As a product design intern, I worked closely with our team on designing and coding a delightful experience for sellers and buyers. I would like to share with you what I've learned! BTW, the project that I was part of was launched on Feb 14, 2017. Etsy Studio is Etsy's new marketplace for DIY dreamers and craft supply sellers: www.etsystudio.com.
This June, I flew from San Francisco, California to Brooklyn, New York — far from my family, friends, and everything I’m familiar with. I felt curious and nervous, wondering what my Etsy internship would bring. “Will I feel comfortable working there? What if I mess things up?” I kept thinking to myself.
As it turned out, my 11 weeks spent at Etsy as a Product Design intern was one of the best experiences of my life.
Before the opportunity to contribute at Etsy, I interned at a 10-person startup. Although I learned to test and validate frequently and iterate designs quickly, I found myself in need of deeper user research and guidance from other designers. I felt limited sometimes. That’s why I decided to intern at Etsy this summer: a company with an established and world-class design team, large user-base, and resources to help me grow as a designer. I want to share a couple of things I learned.
What surprised me during my first few weeks was how deeply Etsy’s employees understand the audience they’re building for. My one and only task when I first arrived was to read emails embedded with user research reports specific to my project. I was told to “soak it all in.”
Understanding your audience and their needs first sounds easy to do, but often, designers (including me) just want to jump right into design because we find it fun or love the feeling of producing work. And so the cycle of a bad design process begins: We don’t know much about the users, yet we still want to solve a “problem,” so we look at other designs and see how other people have solved similar issues instead of identifying the unique problem we’re facing from the very beginning. We might design something similar to an existing solution, but then realize it doesn’t feel quite right. So, we look at more designs and try to plug them in s. Maybe we make something cool along the way, but it’s not useful. This process can happen over and over again, but it will often result in a mediocre experience that doesn’t solve the core problem.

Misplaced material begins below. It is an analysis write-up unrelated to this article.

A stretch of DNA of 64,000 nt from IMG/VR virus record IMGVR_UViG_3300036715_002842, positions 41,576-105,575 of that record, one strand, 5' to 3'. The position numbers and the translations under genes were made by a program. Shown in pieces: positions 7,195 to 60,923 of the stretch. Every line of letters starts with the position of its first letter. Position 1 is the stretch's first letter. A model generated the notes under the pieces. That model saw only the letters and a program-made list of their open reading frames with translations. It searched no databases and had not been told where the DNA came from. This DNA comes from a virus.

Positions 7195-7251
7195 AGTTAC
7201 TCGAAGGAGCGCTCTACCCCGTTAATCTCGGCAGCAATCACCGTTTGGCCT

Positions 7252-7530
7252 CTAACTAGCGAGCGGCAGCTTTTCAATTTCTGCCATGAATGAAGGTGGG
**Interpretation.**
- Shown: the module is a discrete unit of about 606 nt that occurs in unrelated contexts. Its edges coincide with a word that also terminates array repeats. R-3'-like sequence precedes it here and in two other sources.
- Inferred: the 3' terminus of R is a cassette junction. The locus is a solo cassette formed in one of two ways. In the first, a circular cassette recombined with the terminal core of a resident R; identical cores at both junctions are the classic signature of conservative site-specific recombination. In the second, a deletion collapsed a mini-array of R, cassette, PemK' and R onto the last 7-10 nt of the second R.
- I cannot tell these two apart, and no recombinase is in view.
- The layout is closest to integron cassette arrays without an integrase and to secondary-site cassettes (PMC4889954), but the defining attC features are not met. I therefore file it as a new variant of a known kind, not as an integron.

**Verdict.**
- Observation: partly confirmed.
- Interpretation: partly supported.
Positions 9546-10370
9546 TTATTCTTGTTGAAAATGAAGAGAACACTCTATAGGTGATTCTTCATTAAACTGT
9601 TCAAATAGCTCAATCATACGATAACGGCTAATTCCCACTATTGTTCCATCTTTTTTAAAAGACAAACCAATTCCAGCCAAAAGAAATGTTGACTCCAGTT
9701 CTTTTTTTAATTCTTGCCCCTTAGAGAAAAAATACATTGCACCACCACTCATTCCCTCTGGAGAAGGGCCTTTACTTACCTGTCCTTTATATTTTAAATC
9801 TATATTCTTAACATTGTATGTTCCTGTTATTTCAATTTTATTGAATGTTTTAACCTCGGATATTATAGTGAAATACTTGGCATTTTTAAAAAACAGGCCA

Before diving straight into a solution, we need to first ask ourselves questions such as:
The answers to these questions can only get more interesting or clear as we run user research, brainstorm ideas with our partners across product, marketing, and customer support, and come up with design solutions to test with users and iterate, etc.
One of the first things I had to do as part of the onboarding process was to learn how to push code to our website. To be honest, I was surprised to learn that many 0f Etsy’s product designers also bring their work to life through front-end development. Coding takes a lot of time that could otherwise be spent designing, so why is it important? Because it allows you to:
Sometimes designers struggle to come up with ideas and make things look, work, or feel right. While working on my project, this happened to me. A piece of advice I got from my manager
By working through issues together, I learned a few key ways to give and receive constructive feedback:
Before, I used to prioritize designing things that looked cool and pretty. I would look through Dribbble for beautiful UI elements for fun. However, I realized that adding flourishes to my design may reduce the quality of communication. This comes from inconsistency or decoration without purpose. When certain elements of the interface don’t fit together holistically or serve the user, it’s time to clean up the design.
As a product experience gets more complicated, keeping the interface elements consistent throughout flows can be tricky. That’s why Etsy has made huge strides in documenting and updating a detailed web toolkit for all new product development on its website, emails and apps. In addition, styleguide training sessions and workshops helped me understand our brand and reflect consistent and rhythmic styles in my designs.
Although styleguide trainings provide principles for things like typography and colors, it is by no means constraining for the many solutions you might design. It’s more like a tool to help us move faster and consistently across the team.
Confidence in yourself, your team and your work helps you better communicate and receive feedback. My internship at Etsy helped me think more positively about design and life in general. It’s hard to feel frustrated about your work when you’re surrounded by friendly, encouraging and supportive people. As a result of my time here, I’ve gained greater confidence and learned to openly share my work to critique.
Keep learning. Design is a creative career. As long as you are willing to learn and adapt, there’s always opportunity. No matter how perfect you may consider your output, you can always get feedback from user research, analysis, or your team that will help push your design thinking and output further.
It seems like only yesterday that I took a bunch of quirky selfies in the Etsy photo booth on my first day. Sadly, my internship has come to an end. Throughout those eleven weeks, I experienced what it’s like to work with kind, supportive colleagues and for a company that has a wonderful vision and strong values. I am so blessed to have this opportunity to build for creative entrepreneurs and thoughtful shoppers.
Thanks to my team for having me, and helping me in every possible way, my manager Kary for always encouraging me, and all the designers at Etsy who offered me genuine feedback and critiques. Because of you, I’m a better designer.
If you enjoyed reading this article and would love to learn more about what it’s like to design at Etsy, feel free to reach out. And of course,